Fraud Prevention in the GDPR era.

Interview with Claire Hatcher — Head of Business Development for Kaspersky Fraud Prevention.

It’s hard to overestimate the importance of cybersecurity and data protection in any financial institution. In Indacoin, we always follow the “safety first” approach, and today we want to give you a little tour behind-the-scenes to learn more about fraud prevention and advanced security technologies from Claire Hatcher — Head of Business Development for Kaspersky Fraud Prevention.

In this interview, we’ll talk about:

  • Main security threats every business should be aware of;
  • Newest updates in the fraud prevention field;
  • Who’s most at risk to suffer from a cyberattack;
  • How to combine security checks and data protection;
  • Key rules for self-protection in the online world.

I’m sure 90% of our readers already know about Kaspersky and its awesome products, but could you say a few words about Kaspersky Fraud Prevention specifically?

Kaspersky Fraud Prevention provides session-based anti-fraud solutions for enterprises interacting with customers via web and mobile digital channels. It helps cut costs on alternative authentication methods, closes gaps in security, and has a web interface to provide visibility of incidents and anomalies.

All of this is done in real-time and underpinned by machine learning to analyze over 150 different parameters, including passive biometry and device and environment analysis.

The fintech market is all about innovation, and we’re thrilled to see new fraud detection tools and strategies. Can you tell us about your most recent products?

Kaspersky Fraud Prevention continues to innovate its core product to increase efficiency for current customers. For example, we recently re-launched our web console. In upcoming versions, we also increased social engineering detection, which is critical in the fight against fraud. In addition, we launched a version designed to be installed directly on the customer’s infrastructure, as some APAC and META countries are unable to use traditional cloud-based fraud prevention tools because they don’t meet local regulations prohibiting sensitive data from leaving the country.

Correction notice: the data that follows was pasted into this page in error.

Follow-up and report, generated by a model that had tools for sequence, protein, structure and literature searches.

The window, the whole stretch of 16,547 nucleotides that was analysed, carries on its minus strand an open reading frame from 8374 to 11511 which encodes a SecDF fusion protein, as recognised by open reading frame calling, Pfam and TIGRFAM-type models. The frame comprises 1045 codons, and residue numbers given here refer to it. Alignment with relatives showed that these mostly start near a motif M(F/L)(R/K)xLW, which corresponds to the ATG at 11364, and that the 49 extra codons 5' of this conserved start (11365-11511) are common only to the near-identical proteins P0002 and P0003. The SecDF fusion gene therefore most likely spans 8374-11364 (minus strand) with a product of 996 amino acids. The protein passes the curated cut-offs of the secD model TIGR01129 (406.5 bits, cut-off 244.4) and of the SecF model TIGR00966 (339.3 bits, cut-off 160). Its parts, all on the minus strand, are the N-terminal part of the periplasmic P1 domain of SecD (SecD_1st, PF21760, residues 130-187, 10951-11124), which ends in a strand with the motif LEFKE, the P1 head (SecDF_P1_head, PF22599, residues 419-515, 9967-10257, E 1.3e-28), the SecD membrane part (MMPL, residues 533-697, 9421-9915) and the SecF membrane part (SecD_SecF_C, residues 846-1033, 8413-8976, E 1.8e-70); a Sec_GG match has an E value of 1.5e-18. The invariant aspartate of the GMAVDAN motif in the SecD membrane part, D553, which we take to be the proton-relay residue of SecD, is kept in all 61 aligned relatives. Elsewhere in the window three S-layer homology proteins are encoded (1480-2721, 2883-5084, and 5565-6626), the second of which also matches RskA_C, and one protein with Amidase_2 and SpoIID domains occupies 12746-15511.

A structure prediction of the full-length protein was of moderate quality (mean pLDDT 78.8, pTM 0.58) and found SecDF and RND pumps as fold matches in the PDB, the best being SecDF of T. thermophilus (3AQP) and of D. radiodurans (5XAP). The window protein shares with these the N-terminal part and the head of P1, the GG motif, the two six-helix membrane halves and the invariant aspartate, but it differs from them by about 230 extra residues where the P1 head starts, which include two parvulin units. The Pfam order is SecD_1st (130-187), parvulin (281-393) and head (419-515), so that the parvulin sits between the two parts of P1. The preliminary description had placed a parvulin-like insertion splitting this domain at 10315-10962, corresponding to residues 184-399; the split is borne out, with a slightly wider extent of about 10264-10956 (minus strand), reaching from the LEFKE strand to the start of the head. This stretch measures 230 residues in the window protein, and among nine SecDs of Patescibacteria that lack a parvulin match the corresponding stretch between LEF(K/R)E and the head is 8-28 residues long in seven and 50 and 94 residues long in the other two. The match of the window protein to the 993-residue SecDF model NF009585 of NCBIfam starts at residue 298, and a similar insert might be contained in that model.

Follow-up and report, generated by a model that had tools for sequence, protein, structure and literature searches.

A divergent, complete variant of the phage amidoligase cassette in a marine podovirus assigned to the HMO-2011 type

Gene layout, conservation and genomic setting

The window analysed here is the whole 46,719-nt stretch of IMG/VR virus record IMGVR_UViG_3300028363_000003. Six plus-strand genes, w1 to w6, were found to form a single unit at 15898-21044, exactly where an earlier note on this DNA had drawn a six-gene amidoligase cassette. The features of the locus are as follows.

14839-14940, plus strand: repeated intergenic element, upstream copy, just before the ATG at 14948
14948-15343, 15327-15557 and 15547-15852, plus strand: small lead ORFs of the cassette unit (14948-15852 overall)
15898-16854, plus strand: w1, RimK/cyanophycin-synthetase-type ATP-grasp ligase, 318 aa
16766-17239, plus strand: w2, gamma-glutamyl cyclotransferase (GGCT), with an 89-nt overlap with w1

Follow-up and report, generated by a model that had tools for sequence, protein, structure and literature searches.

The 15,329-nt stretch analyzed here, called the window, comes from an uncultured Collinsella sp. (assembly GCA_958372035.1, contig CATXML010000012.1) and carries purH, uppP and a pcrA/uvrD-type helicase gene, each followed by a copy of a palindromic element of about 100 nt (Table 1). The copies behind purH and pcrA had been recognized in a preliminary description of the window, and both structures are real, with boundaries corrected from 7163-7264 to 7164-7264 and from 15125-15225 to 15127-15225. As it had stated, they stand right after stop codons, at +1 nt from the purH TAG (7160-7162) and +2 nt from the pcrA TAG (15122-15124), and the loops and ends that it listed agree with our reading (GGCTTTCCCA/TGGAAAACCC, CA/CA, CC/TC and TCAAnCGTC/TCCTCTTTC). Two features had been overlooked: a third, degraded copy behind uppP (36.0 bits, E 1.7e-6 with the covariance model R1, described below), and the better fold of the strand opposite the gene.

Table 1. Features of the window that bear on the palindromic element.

We’ve also been working with other verticals that are becoming increasingly targeted, such as our collaboration with Polys to support a secure online voting platform for businesses, universities and political parties, and also help us enhance our fraud detection capabilities in the blockchain.

You’re a pioneer in fraud prevention solutions for businesses, so what do you think is developing faster: fraud schemes or anti-fraud solutions?

Fraud schemes and scams are continuously adapting and innovating in step with the market and consumer trends. There’s even something we call the “Fraud as a Service” market, where specializations and web interfaces have been developed to provide hackers easy access to what used to be the complex programming skills required to extort money from individuals on a “commercial” level.

Historically, fraud prevention has taken a siloed approach, perhaps looking to see if an end device was infected, or if a device is trusted or not. Due to the complexity of these attacks, a holistic approach is required that doesn’t just look at the transaction or login, or even if the device is trusted. Instead, we need to consider the entire session and analyze hundreds of attributes related to the user, account and their devices in order to detect suspicious patterns, robotic behaviour and, of course, traditional methods. It’s also crucial to monitor sessions continuously, as a fraudulent activity may first be detectable at any stage of user sessions. Only when you look at the big picture can you see patterns emerging that indicate an attack.

Many clients are still afraid that their data might get stolen, so they prefer not to share sensitive information online. In your opinion, has online verification already reached the level where these fears can be put to rest?

Consumers are protected anywhere in the world by a number of regulations, such as PSD2 and GDPR, which safeguard their data and help protect against cyberthreats.